Welcome to Part 2 of this blog series that explores the many cultural and religious perspectives on healing. Using video excerpts from two DVDs, Consciousness & Healing, and Compassionate Intention, Prayer, and Distant Healing, this series illuminates the diversity of perspectives and the common threads that unite the many distinct approaches to healing.

In the video excerpt above we hear from two unique healing worldviews — Sufi and Johrei. Arife Hammerle, a psychotherapist and Sufi teacher, describes how the process of meditation and prayer aligns the healer to the purity of the divine and enables him or her to transfer that healing essence to those who need healing. Yoshiaki Kato, a Johrei practitioner from Japan, demonstrates how he moves through the process of healing, from attention to God, to projecting intention, embracing non-attachment, and healing from a place of joy and gratitude.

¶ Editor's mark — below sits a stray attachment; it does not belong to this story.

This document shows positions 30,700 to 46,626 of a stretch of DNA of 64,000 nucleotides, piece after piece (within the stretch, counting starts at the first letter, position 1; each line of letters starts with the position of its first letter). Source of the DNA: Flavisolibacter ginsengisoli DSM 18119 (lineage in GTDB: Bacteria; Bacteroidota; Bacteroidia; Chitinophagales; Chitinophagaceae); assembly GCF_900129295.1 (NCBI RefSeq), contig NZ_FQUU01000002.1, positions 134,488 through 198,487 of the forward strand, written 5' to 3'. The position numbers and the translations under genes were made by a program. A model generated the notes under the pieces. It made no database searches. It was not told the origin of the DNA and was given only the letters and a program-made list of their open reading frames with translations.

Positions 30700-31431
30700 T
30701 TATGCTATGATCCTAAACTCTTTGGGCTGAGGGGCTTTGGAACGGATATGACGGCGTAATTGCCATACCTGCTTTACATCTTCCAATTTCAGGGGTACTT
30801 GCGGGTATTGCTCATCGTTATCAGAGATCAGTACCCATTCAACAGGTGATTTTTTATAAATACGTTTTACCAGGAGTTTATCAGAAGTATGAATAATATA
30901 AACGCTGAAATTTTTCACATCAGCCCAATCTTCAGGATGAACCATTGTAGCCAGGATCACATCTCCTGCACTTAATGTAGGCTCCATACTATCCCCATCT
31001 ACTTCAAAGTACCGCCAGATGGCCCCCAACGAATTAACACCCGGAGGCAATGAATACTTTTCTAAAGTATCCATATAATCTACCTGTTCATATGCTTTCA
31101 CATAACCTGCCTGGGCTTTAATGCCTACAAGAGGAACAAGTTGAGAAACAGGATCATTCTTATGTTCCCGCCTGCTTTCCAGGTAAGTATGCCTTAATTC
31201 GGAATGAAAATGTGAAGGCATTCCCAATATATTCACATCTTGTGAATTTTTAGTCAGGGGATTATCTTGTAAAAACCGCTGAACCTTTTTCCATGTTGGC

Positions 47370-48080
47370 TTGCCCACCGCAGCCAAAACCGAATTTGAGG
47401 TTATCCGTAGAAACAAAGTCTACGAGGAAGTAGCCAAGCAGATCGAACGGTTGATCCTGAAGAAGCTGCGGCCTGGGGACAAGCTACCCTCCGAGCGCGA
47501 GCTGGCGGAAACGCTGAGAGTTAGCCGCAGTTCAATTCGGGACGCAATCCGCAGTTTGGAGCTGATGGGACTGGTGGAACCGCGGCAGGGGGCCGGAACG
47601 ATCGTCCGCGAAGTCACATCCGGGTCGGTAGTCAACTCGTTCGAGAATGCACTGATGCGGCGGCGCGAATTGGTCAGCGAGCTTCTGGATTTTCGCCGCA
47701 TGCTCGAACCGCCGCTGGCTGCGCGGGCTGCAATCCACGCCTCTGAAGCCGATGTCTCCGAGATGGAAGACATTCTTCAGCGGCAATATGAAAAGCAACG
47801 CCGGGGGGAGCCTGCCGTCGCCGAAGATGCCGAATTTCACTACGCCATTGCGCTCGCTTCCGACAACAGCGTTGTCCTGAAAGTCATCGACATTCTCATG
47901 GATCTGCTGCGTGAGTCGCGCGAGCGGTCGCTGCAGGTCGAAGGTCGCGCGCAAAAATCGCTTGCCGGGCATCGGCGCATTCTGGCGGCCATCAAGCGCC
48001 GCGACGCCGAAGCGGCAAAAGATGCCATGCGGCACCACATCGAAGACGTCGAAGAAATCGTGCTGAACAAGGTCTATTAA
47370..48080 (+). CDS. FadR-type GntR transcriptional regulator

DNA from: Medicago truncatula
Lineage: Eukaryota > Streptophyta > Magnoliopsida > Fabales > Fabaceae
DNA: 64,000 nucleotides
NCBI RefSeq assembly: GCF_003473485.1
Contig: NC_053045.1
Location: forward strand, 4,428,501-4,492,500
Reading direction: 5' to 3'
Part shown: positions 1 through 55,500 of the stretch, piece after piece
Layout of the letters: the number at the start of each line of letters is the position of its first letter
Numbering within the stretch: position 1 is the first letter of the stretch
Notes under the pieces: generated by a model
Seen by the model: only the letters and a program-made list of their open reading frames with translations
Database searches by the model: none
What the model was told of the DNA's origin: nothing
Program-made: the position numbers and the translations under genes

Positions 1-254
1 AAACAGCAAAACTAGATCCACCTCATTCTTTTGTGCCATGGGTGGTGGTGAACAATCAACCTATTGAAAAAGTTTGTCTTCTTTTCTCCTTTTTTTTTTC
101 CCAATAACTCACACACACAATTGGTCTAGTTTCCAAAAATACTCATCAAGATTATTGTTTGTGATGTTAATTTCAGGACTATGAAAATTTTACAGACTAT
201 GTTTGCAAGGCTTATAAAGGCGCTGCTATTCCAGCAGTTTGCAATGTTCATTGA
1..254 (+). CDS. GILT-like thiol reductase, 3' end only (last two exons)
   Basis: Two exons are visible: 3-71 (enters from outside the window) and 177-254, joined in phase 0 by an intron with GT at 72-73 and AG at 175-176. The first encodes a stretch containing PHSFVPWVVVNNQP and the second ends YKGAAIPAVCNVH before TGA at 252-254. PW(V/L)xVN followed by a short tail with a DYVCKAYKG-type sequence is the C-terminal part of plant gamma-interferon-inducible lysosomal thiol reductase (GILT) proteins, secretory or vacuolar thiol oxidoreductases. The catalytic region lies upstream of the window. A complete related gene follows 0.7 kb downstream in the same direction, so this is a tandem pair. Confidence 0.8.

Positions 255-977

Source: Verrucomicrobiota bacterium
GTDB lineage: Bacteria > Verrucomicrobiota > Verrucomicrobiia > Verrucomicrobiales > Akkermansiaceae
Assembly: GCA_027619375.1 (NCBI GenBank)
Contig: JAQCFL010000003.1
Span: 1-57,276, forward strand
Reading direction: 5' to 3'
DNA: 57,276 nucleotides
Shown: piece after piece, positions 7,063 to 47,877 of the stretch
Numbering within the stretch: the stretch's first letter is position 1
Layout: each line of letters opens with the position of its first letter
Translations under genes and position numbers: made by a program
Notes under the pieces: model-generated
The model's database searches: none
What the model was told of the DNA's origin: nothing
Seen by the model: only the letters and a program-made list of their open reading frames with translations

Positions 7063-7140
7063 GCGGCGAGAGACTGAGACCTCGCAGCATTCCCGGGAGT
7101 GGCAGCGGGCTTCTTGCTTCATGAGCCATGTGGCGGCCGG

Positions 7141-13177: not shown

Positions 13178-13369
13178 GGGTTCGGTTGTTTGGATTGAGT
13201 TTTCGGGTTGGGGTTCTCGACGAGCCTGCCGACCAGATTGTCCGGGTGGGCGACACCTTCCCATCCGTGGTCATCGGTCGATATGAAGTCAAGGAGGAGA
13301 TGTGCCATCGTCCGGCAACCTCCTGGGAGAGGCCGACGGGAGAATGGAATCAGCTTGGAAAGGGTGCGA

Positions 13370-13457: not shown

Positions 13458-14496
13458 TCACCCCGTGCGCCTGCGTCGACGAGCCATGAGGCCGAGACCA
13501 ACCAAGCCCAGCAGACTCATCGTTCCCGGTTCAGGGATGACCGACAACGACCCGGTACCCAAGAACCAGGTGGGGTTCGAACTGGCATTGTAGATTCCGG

Click Here to View Video

Marilyn Schlitz, Ph.D. is a social anthropologist, researcher, writer, and charismatic public speaker. She is currently the Founder and CEO of Worldview Enterprises. She also serves as President Emeritus and a Senior Fellow at the Institute of Noetic Sciences. Additionally, she is a Senior Scientist at the California Pacific Medical Center, where she focuses on health and healing, and is a board member of Pacifica Graduate Institute.

For more than three decades, Marilyn has been a leader in the field of consciousness studies. Her research and extensive publications focus on personal and social transformation, cultural pluralism, extended human capacities, and mind body medicine. She has a depth of leadership experience in government, business, and the not-for-profit sectors. Her broad and varied work has given her a unique ability to help individuals and organizations identify and develop personal and interpersonal skills and capacities needed by 21st century leaders.

She produced the film Death Makes Life Possible with Deepak Chopra, and wrote a companion book of the same name, published by SoundsTrue. To see her other film credits, click here. To explore her current research projects, click here.